I'm not stubborn, I'm right.

Harper, am I stubborn, or am I right?



- You're right.

- Oh, great. Yeah, that's great.



Happy birthday, Harper



We all came to celebrate



With you-ou-ou



Happy birthday






Go, girl! Happy birthday.



Holy fucking shit.



Did you have

a good time?



It was the best

party of my life.



Come over here.



I told you

it wasn't time.



Thank God you're back.



My good girl.



Your what?



Who's my good girl, hmm?






Okay. Do me a favor.

Don't mess with the focus.



- What are you doing?

- Just this.



You're good at that.






- Here we go.

- I'm making you dinner.



Forget the dinner.

I'm not hungry.



No, no, no, no!

Wait a minute. No, no, don't look.



- You can't look yet.

- I didn't know we could go up here.



You can go anywhere.

You know that.



- Remember that. It's important.

- Okay.



- I'm ready to look now.

- No, no. Wait, wait. Wait.



- Okay, ready?

- I'm ready.






You like it?



I wanted to give you a

welcome home present.



This is it.



There's a chair up there

where you can sit and read,



or study, or write in your

journal, or just sit and think.



You're insane.



And there's a lamp there,



in case you need more light.

- More light?



And there's an all-weather umbrella,

only don't put it up when it's windy.



That's the only caveat

I have. Do you like it?



- You're crazy.

- Yeah, but do you like it?



- I love it.

- It's brilliant!



I don't know why I didn't

think of it before!



We could take over

the whole roof.



- Won't the landlords be mad?

- The who?



- The landlords!

- Nah!



Over there could be the

dance floor, here the stage...



A thousand people

can listen to jazz...



under the stars!



I claim this roof for...



Queen Guinevere!



You're crazy!



Yeah, but it works.



- Harper?

- Yeah?



Your mom's here.



Sh --



- She's getting dressed.

- Oh, good.



- Can I take your coat?

- No, I don't think so.



Now that I look at you, I really

don't know how you pull it off.



But then I'm more

superficial than Harper.



Looks have always

been important to me.



You don't like me

very much, do you?



You're older than I am, and you're

fucking my daughter. What's to like? May I?



Sure. Help yourself.



Mom, hi. You okay?

Is everything -- everything's okay?






I dropped by Patty's place and

caught her without a lie ready about...



why none of your

things were there.



Don't be angry at Patty.

I dragged it out of her.






this is how you've been

living these last months.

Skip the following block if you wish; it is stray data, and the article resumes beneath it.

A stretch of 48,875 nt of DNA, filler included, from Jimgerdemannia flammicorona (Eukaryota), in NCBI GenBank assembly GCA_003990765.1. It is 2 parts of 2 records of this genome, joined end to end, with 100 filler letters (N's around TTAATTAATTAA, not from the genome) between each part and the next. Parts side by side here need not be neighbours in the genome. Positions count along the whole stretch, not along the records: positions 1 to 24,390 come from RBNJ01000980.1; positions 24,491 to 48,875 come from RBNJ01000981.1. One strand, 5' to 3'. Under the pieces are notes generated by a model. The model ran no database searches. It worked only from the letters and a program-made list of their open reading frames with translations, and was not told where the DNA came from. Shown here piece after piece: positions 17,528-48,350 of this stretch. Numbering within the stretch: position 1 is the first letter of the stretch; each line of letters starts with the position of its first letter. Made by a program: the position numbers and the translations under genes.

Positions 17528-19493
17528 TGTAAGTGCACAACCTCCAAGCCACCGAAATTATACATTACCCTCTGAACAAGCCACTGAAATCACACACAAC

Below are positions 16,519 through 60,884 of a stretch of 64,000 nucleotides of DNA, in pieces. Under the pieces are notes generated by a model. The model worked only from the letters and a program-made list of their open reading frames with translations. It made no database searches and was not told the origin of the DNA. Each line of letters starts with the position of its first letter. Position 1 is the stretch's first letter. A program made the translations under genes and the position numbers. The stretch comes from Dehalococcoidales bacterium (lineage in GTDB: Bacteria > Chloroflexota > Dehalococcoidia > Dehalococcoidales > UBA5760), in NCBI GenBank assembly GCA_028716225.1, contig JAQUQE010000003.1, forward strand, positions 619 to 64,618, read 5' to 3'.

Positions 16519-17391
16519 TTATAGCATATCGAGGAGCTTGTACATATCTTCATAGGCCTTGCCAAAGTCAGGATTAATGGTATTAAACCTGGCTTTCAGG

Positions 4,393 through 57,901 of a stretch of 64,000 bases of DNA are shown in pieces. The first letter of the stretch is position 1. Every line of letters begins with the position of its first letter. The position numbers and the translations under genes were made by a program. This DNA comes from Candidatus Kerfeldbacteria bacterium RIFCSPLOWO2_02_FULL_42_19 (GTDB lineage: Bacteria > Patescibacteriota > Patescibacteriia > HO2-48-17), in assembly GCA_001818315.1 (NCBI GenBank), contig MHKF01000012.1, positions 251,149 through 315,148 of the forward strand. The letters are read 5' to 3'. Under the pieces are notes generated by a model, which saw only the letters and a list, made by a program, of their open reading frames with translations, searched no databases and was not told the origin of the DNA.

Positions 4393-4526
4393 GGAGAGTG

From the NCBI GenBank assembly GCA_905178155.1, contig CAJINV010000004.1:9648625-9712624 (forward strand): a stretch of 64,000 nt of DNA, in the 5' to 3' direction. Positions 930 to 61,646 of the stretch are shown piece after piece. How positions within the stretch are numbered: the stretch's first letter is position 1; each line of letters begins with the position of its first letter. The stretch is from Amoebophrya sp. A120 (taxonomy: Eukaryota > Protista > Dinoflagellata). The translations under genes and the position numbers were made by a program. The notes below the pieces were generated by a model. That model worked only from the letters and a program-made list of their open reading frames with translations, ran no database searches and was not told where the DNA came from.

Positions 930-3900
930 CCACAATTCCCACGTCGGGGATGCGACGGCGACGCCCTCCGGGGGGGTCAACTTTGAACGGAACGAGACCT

This is so, uh...




Why don't we go somewhere and, uh,

talk about this in a friendly way?



Th-There's this place that we

really like. We could take you there.



No. No.



No, this isn't going to be one

of those feel-good situations.



I've seen enough. I'm gonna go home

and break the news to your father.



I mean, who knows?

Perhaps he won't even mind.



It's our other daughter

he's obsessed with.



Oh, before I go,



I would really like

to ask you a question.



And I-I can't tell you how valuable

an honest response would be to me.



She's starting.



I have my own theories about this, but

I really would love to hear it from you.



Ask away.



What do you have against

women your own age?



- Mom, please don't.

- Shut up, Harper.



Look, I'm smiling.



I promise your answer

won't hurt my feelings.



- I don't have anything

against women my own age.

- Sure you do.



I tell you what --

I'll tell you my theory, and...



you just jump in any time.



All right?



Oh, you can sit.



For starters,

I don't really think...



that your young girl predilection

has much to do with...



their firm, young flesh.



I mean, when someone like you

is out with someone like Harper,



you must invite all kinds

of comparison and ridicule,



which can't be much fun...



for either of you.



Right, honey?



So then, what is...



a man of, uh, your age...



doing with my

  -year-old daughter?



It'd be easy enough to say you're afraid

of mature women, but that's so glib.



Afraid of what,




So I kept thinking.



And then it hit me.



I know exactly what she has

that I haven't got.






That's it, isn't it?



I mean, no real woman --



no woman of experience would

ever stand in front of you...



with awe in her eyes...



and say,

"Wow, look at that man.



Look at that bohemian

wedding photographer with...



holes in his jeans.



Gosh, isn't he something?"






I mean, it takes

a naive girl for that.



It takes Harper for that.



So what do you think?



Am I right?



You're some woman,




Mrs. Sloane.



I'm Mrs. Sloane.



I know what

you're doing,



and it makes me sick.






that was fun.



Actually, I really didn't

enjoy myself all that much.



- But I think you did, didn't you?

- What?



The shocked way you acted

about your mom being here.



It was very convincing.



You really had me

going there.



It took me a few minutes before

I realized that you'd put your

mother up to the whole thing.



You know, it's

amazing, but...